Thoughts and Reflections on the Occasion of the 80th Anniversary of the Kristallnacht

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The author (l.) with Bernard Danis, a close friend

The author (l.) with Bernard Danis, a close friend

Undoubtedly, the Germans – who, by that time had full control of everything going on in Austria as well – realized this. They had really tried to make it “palatable” (if such a term can be applicable) for the Jews to leave, by allowing them to take along many belongings, particularly those pertaining to their trade. So they took the next logical step – to make sure that the Jews would know that they have to get out of the country, and fast. Undoubtedly, this line of thinking led to the horrors of Kristallnacht.

My family was one of the lucky ones – with the help of many gentiles. My father’s store, Fotohaus Spira-Ritz, was located within walking distance from our apartment and since I helped out in the store, we had gone to work together that day. Shortly after we got there, one of the employees came running in, screaming that a synagogue not far from the store was aflame. Then we started getting phone calls from friends’ homes – the men in the family had been picked up for questioning (we know that later on, many were sent to Dachau and Buchenwald).

My father’s store was considered fairly safe, since his partner, Franz Ritz, a gentile, was one of the most wonderful people we knew. So when, routinely, some Nazis in and out of uniform would come in to demand to know if there were any Jews around, he could easily get rid of them. But, we agreed, it would still be best for my father, Hans, to leave the store.

Of course, he couldn’t go back home – we knew from our neighbors how dangerous this was, particularly for heads of the family (at the time, women and children were generally not arrested). So we decided he should take the trolley car out to a relative in the suburbs, a relative who was married to a non-Jew and had adopted his sister-in-law’s son, a “pure” Aryan. This proved to be a good idea – while mixed marriages, at the time, were not yet molested too much, the young boy, in his Hitler Youth uniform being quite visible in the yard completely stopped inquisitive Nazis from looking further.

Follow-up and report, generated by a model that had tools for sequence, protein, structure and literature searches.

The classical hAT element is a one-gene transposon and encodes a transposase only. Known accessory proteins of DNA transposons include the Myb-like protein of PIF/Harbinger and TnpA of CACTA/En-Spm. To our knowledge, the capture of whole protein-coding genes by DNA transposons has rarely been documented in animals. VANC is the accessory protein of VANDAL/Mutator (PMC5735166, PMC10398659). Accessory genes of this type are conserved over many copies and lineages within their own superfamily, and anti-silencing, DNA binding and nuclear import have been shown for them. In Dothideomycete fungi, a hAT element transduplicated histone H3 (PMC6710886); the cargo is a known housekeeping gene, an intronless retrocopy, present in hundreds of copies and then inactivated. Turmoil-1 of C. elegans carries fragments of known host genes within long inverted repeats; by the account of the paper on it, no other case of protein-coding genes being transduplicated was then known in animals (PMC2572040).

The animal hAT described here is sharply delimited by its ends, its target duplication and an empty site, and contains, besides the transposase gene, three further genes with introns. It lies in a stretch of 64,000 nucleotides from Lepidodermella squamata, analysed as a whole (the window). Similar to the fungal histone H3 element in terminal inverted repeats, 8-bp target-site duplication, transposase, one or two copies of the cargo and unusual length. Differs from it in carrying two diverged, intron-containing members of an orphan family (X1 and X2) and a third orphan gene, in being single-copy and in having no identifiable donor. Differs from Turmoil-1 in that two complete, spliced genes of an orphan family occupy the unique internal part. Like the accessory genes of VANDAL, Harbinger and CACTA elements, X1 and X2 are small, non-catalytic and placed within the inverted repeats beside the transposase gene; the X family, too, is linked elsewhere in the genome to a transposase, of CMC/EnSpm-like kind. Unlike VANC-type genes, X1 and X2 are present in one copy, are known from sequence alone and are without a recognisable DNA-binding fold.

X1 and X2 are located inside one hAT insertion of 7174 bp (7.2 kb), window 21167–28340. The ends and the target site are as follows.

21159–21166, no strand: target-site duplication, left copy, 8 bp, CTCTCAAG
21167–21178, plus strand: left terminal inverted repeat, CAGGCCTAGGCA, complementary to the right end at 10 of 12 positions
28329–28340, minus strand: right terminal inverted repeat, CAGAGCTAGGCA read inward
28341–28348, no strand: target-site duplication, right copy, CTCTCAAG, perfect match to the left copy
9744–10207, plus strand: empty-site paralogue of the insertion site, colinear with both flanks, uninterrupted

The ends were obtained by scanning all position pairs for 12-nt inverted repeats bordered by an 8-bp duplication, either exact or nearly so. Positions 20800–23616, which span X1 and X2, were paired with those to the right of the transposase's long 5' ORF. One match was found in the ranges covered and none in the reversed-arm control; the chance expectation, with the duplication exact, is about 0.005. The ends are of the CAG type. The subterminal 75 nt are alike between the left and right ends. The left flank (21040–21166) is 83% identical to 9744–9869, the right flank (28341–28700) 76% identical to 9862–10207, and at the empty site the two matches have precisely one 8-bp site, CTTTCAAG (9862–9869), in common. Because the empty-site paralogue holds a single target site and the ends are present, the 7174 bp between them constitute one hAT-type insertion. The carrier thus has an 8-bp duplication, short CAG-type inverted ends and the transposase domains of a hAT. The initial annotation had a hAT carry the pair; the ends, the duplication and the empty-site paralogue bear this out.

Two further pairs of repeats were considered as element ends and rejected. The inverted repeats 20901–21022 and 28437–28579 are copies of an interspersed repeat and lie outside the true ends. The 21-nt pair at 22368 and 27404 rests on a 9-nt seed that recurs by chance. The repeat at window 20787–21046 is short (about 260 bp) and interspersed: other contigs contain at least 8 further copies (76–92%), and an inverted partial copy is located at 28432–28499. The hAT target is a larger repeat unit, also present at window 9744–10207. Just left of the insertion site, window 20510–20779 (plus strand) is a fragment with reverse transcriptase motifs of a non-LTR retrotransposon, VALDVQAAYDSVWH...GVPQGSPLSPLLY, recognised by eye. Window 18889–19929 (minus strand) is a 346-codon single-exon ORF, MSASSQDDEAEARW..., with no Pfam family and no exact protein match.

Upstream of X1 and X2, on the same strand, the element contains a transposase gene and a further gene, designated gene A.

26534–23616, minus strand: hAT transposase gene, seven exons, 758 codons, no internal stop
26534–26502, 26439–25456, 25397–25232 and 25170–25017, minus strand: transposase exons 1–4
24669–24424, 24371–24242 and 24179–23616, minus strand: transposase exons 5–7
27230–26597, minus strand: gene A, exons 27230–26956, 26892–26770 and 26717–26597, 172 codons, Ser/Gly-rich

My father remained there for about a day, while my mother and I stayed home. We were fortunate, too – the superintendent of the apartment house in which we lived – this was the first person asked by the Nazis in their search for Jewish victims – emphatically told various search parties that she wouldn’t have any Jews living in the house and that they shouldn’t bother her.

Not until we heard the news broadcasts and read the newspapers did we fully grasp what had happened – and that many of our friends and neighbors hadn’t been that fortunate.

Many pseudo-historians call the Kristallnacht the beginning of the Holocaust. I don’t think it was – it didn’t even come close to the concept of the Endlösung, of the final solution, which was formulated many months later in Wannsee, that would make Germany and Austria Judenrein. Yet, it was meant to give – and did give – the Jews in Germany and Austria a clear signal – get out or face consequences, though no one even remotely expected the consequences to be what they turned out to be.

Since we have all heard and read so much about the Kristallnacht and the many events that followed, I will try to tell you only about my immediate family’s fate after the first seven or eight months of the German annexation of Austria.

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